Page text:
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The images on the left show the bright arcs of Jupiter’s infrared aurora on two separate nights, the top left image on 17 October and three images taken 31 December 2012, as the planet slowly rotates. However, the Great Cold Spot cannot be seen clearly until these images are saturated so that the entire aurora becomes white, as shown on the right. Here, the planet glows as a result of the temperature of the upper atmosphere, and the distinct regions of cooling that reveal the Great Cold Spot can be seen. Based on data from VLT/ESO

Astronomers from the University of Leicester announced the discovery of a second “Great Spot” located in Jupiter’s upper atmosphere.

The “Great Cold Spot” is almost as large as its famous sibling, the “Great Red Spot” – measuring 24,000 km (14,912 miles) in longitude and 12,00 km (7,456 miles) in latitude.

The weather feature has likely existed for thousands of years, but previous observations of the planet have been limited by spatial resolution.

“The Great Cold Spot is much more volatile than the slowly changing Great Red Spot, changing dramatically in shape and size over only a few days and weeks, but it has re-appeared for as long as we have data to search for it, for over 15 years.  That suggests that it continually reforms itself, and as a result it might be as old as the aurora that form it - perhaps many thousands of years old,” said Tom Stallard, associate professor in planetary astronomy and lead author of the study.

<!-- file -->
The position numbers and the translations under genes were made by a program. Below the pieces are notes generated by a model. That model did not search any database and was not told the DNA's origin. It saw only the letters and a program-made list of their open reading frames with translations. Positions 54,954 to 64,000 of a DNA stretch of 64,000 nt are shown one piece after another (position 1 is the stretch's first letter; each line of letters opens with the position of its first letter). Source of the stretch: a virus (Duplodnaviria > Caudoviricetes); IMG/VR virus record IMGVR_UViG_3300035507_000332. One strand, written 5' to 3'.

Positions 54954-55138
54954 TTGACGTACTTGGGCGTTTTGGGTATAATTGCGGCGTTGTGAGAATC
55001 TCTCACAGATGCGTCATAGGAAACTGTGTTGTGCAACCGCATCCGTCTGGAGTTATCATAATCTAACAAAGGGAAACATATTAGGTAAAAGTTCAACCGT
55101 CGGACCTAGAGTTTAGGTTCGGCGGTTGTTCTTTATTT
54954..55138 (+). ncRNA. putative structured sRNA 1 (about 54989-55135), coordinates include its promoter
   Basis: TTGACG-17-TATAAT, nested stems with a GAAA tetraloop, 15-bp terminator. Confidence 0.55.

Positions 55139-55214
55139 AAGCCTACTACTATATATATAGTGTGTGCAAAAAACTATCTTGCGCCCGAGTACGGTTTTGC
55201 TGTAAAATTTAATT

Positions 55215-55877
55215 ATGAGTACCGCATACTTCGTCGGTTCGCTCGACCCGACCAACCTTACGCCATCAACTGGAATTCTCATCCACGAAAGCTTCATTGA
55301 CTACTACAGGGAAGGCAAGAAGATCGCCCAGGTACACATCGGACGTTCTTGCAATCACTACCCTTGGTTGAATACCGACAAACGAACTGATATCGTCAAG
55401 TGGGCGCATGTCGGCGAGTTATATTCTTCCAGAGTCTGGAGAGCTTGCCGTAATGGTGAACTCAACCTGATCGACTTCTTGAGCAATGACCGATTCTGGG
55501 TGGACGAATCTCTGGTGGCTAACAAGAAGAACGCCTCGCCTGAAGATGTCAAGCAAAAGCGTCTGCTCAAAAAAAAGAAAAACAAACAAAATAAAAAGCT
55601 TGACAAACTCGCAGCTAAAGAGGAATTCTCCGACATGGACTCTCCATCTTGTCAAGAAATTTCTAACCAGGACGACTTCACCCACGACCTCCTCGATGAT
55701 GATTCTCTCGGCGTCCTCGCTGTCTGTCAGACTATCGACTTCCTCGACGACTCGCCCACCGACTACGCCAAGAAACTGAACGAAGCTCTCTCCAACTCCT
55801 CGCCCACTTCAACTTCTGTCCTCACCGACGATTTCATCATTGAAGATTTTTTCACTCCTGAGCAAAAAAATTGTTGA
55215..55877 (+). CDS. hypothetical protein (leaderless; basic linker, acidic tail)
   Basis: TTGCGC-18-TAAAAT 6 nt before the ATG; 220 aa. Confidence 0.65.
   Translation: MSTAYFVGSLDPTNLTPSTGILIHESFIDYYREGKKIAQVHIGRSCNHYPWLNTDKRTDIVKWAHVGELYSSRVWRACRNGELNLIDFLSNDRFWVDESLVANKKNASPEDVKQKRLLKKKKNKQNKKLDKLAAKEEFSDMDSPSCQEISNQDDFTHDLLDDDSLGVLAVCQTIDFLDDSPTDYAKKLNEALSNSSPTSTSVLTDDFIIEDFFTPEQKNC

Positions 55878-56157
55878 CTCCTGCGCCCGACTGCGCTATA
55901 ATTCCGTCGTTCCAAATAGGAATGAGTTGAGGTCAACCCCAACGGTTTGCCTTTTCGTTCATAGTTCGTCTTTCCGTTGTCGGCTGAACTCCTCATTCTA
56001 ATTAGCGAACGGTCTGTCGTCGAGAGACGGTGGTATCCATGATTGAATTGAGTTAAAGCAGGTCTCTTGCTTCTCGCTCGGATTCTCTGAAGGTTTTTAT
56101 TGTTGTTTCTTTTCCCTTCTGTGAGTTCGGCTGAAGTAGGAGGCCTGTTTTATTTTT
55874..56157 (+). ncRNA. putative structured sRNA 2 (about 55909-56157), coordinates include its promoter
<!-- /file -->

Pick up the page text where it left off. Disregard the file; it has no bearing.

Stallard and fellow researchers believe the effects of Jupiter’s magnetic field caused the Great Cold Spot, with the polar aurora transporting energy into the atmosphere in the form of heat flowing around the planet. Some type of interaction appears to form a vortex, resulting in a localized region of cooling in the thermosphere.

The researchers claim this is the first time any weather feature in Jupiter’s upper atmosphere has been observed away from the planet’s bright aurora.

“The feature we’re seeing is away from the aurora, which is what makes it so unusual,” said Stallard in a university video.

The finding provides evidence that Jupiter’s upper atmosphere is much more complex than previously thought. The CRIRES instrument on the Very Large Telescope (VLT) spotted the phenomenon.

Study results were published today in Geophysical Research Letters.

The next step is to determine if this feature is truly unique to Jupiter’s upper atmosphere, or if similar features are actually common.

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